English As She Is Writ - part six

The full stop

Full power: the full stop

At last we begin to inspect, one by one, the punctuation marks widely used in written English, and we start with the most basic, the most useful, the oldest: the full stop.

To demonstrate the usefulness and the function of the full stop, I’ll resort to the passage of text that I stripped of all punctuation in the third instalment of this blog: the opening two paragraphs of The Postman Always Rings Twice by James M Cain. This time I’ve sprinkled some full stops across the text at appropriate places.

They threw me off the hay truck about noon. I had swung on the night before down at the border and as soon as I got up there under the canvas I went to sleep. I needed plenty of that after three weeks in Tia Juana and I was still getting it when they pulled off to one side to let the engine cool. Then they saw a foot sticking out and threw me off. I tried some comical stuff but all I got was a dead pan so that gag was out. They gave me a cigarette though and I hiked down the road to find something to eat. That was when I hit this Twin Oaks Tavern. It was nothing but a roadside sandwich joint like a million others in California. There was a lunchroom part and over that the house part where they lived and off to one side a filling station and out back a half-dozen shacks that they called an auto court. I blew in there in a hurry and began looking down the road. When the Greek showed I asked if a guy had been by in a Cadillac. He was to pick me up here I said and we were to have lunch. Not today said the Greek. He laid a place at one of the tables and asked me what I was going to have. I said orange juice corn flakes fried eggs and bacon enchilada flapjacks and coffee. Pretty soon he came out with the orange juice and the corn flakes.

I hope you’ll agree that this passage is now considerably easier to read. It still lacks a few commas, and punctuation to indicate speech, but other than that it has all the punctuation it needs. Such is the power of the full stop.

Let’s examine what those full stops have done. They have split the continuous text into sections, each section consisting of several words, each section providing a discrete parcel of information. We might call those parcels of information ‘sentences’.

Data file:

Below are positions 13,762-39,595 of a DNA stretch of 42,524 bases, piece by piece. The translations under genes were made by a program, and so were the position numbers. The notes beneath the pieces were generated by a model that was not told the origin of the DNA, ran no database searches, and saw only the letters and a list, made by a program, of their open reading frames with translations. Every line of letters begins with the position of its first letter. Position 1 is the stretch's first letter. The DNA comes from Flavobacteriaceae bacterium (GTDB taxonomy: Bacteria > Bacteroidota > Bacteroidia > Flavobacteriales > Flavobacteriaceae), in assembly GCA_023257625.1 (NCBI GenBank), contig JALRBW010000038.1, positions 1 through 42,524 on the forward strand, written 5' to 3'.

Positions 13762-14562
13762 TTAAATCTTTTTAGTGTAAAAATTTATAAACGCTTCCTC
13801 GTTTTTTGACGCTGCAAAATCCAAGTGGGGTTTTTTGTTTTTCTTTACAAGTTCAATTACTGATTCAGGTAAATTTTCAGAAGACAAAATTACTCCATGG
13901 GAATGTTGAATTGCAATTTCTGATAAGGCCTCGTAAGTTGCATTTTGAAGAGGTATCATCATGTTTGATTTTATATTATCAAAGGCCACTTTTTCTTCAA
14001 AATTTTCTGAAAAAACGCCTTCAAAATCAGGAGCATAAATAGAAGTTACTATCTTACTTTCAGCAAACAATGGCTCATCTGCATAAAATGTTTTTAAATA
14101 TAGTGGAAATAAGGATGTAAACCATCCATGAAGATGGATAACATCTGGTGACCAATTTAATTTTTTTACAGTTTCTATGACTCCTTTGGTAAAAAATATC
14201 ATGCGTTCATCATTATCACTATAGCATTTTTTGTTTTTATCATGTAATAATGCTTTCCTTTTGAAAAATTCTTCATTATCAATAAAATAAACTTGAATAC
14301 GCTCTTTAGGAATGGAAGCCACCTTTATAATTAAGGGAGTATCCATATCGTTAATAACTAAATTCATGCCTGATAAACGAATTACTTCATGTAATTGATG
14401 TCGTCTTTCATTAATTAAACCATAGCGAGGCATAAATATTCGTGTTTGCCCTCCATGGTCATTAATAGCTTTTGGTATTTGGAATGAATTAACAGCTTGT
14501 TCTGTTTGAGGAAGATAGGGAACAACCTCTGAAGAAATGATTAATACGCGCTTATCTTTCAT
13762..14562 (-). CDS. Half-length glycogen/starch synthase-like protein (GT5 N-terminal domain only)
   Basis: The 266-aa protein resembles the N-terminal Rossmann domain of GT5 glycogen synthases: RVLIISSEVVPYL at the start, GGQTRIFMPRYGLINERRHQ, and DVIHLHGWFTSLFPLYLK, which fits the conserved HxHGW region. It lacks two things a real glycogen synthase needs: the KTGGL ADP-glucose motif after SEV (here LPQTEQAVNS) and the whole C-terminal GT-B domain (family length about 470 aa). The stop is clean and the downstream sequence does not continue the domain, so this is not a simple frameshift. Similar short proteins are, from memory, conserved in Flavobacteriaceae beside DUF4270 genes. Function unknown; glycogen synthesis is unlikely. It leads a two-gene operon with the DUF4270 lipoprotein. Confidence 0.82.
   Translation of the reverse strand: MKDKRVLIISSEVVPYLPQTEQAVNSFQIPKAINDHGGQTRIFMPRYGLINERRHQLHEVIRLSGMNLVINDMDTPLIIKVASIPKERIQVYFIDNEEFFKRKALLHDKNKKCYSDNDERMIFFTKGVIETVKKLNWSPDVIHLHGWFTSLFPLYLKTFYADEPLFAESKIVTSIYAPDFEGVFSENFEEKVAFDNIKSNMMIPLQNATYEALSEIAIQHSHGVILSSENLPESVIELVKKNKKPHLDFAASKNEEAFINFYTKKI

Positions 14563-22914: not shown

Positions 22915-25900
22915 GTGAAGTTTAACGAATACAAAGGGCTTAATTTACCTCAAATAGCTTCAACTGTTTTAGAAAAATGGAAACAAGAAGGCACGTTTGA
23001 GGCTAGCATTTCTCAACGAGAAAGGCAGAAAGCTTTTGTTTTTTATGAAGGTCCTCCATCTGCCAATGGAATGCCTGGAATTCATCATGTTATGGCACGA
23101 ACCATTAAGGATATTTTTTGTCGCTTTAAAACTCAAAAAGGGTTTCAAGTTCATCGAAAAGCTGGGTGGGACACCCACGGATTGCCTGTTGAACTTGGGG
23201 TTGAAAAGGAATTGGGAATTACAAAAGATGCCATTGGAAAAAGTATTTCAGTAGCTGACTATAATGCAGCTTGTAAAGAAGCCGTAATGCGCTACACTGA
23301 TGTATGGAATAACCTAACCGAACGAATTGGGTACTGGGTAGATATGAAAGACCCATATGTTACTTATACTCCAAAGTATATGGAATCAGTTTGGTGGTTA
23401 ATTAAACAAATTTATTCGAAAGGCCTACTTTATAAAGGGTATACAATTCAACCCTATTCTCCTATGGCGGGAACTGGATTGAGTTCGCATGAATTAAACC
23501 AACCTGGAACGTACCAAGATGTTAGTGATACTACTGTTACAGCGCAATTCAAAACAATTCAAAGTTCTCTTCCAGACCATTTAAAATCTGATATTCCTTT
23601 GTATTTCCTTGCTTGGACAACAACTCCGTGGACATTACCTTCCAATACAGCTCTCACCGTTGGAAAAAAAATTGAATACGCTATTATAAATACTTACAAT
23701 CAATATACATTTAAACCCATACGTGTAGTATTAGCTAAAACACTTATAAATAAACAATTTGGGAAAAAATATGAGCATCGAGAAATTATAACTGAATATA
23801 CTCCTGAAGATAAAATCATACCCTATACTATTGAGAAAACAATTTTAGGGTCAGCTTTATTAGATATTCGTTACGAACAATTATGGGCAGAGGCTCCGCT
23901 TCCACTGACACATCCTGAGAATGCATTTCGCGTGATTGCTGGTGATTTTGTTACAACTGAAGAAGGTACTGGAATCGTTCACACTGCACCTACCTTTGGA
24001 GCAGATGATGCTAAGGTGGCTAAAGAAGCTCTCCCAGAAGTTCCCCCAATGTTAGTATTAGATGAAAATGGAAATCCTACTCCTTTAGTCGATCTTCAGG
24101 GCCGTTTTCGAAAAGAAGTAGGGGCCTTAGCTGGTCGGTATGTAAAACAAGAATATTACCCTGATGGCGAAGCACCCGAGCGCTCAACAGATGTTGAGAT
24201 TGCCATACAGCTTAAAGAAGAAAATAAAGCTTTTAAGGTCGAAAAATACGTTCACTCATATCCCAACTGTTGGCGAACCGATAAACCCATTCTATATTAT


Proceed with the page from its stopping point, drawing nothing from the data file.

At this point we are confronted by a paradox, in that the definitions of the full stop and the sentence are reciprocal. A sentence may be defined as a word or group of words that begins with a capital letter and ends with a full stop; while a full stop is defined as the punctuation mark that indicates the end of a sentence.

I’ll have to take a short detour in order to destroy a commonly held misconception about sentences. Grammar lawyers may insist that in order for a sentence to exist it must contain at least a verb and (even if merely implied) the subject of the verb. No. I disagree. The final sentence in the novel Double Indemnity is this:

     The moon.

And if a no-verb sentence is good enough for James M Cain it’s good enough for me.

Here, for example, are groups of words that by the grammarian’s definition are sentences:

  • The butterscotch chattered.
  • The hummingbird exfoliated.
  • Toast up the harbinger!

It seems clear to me that the one-word sentence (No.) in the paragraph above makes for a much more reasonable and comprehensible sentence than any of these. (As does The moon, in the context of the story.)

Therefore I maintain that the definition of a sentence is this: a word or group of words that begins with a capital letter and ends with a full stop and which conveys a discrete parcel of information. (I must also confess that a sentence of more than a few words will be much more comprehensible if constructed according to the conventions of grammar.)

The definition of a full stop is, therefore: the punctuation mark that is used to end a sentence.

I averred at the start of this instalment that the full stop is the oldest punctuation mark, and I should provide more information on that point. The use of a symbol to separate text into sentences arose at much the same time – 250 to 200 BC – in China and Greece. In alphabetic writing systems (for instance Greek or Phoenician) at this time text was written continuously, without spaces between words. It can be seen therefore that a mark indicating the end of a sentence was considered more useful than one indicating separate words. The full stop is truly the oldest, most useful and most powerful punctuation mark.

Therefore in writing, when in doubt, use a full stop and bring that sentence to an end. You can always start another one. Short sentences are easy to read. Long sentences, burdened as they often are with subordinate clauses, weighed down with asides and parenthetical musings, seem sometimes to meander aimlessly towards no discernible conclusion, so that by the time you reach the end you have forgotten the subject matter that was proposed at the beginning and, in truth, you have begun to lose the will to live. You see what I mean? Bung in some full stops and keep those sentences short.

The full stop is also wonderfully simple: it is used to indicate the end of a sentence, and that’s all.

Historically the full stop was used to indicate abbreviations, but this usage is increasingly obsolete and I would eschew it. For instance N.A.T.O. is now usually written as NATO (or even Nato, as it is an acronym); a vicar named Anderson might once have been written as Rev. Anderson, but now Rev Anderson; Mr. Smith is now written Mr Smith. If you’re tempted to place a full stop anywhere other than at the end of a sentence, stop.

In the next part I’ll deal with the comma, a punctuation mark much more promiscuous than the full stop.  

The only way to deal with an unfree world is to become so free that your very existence is an act of rebellion.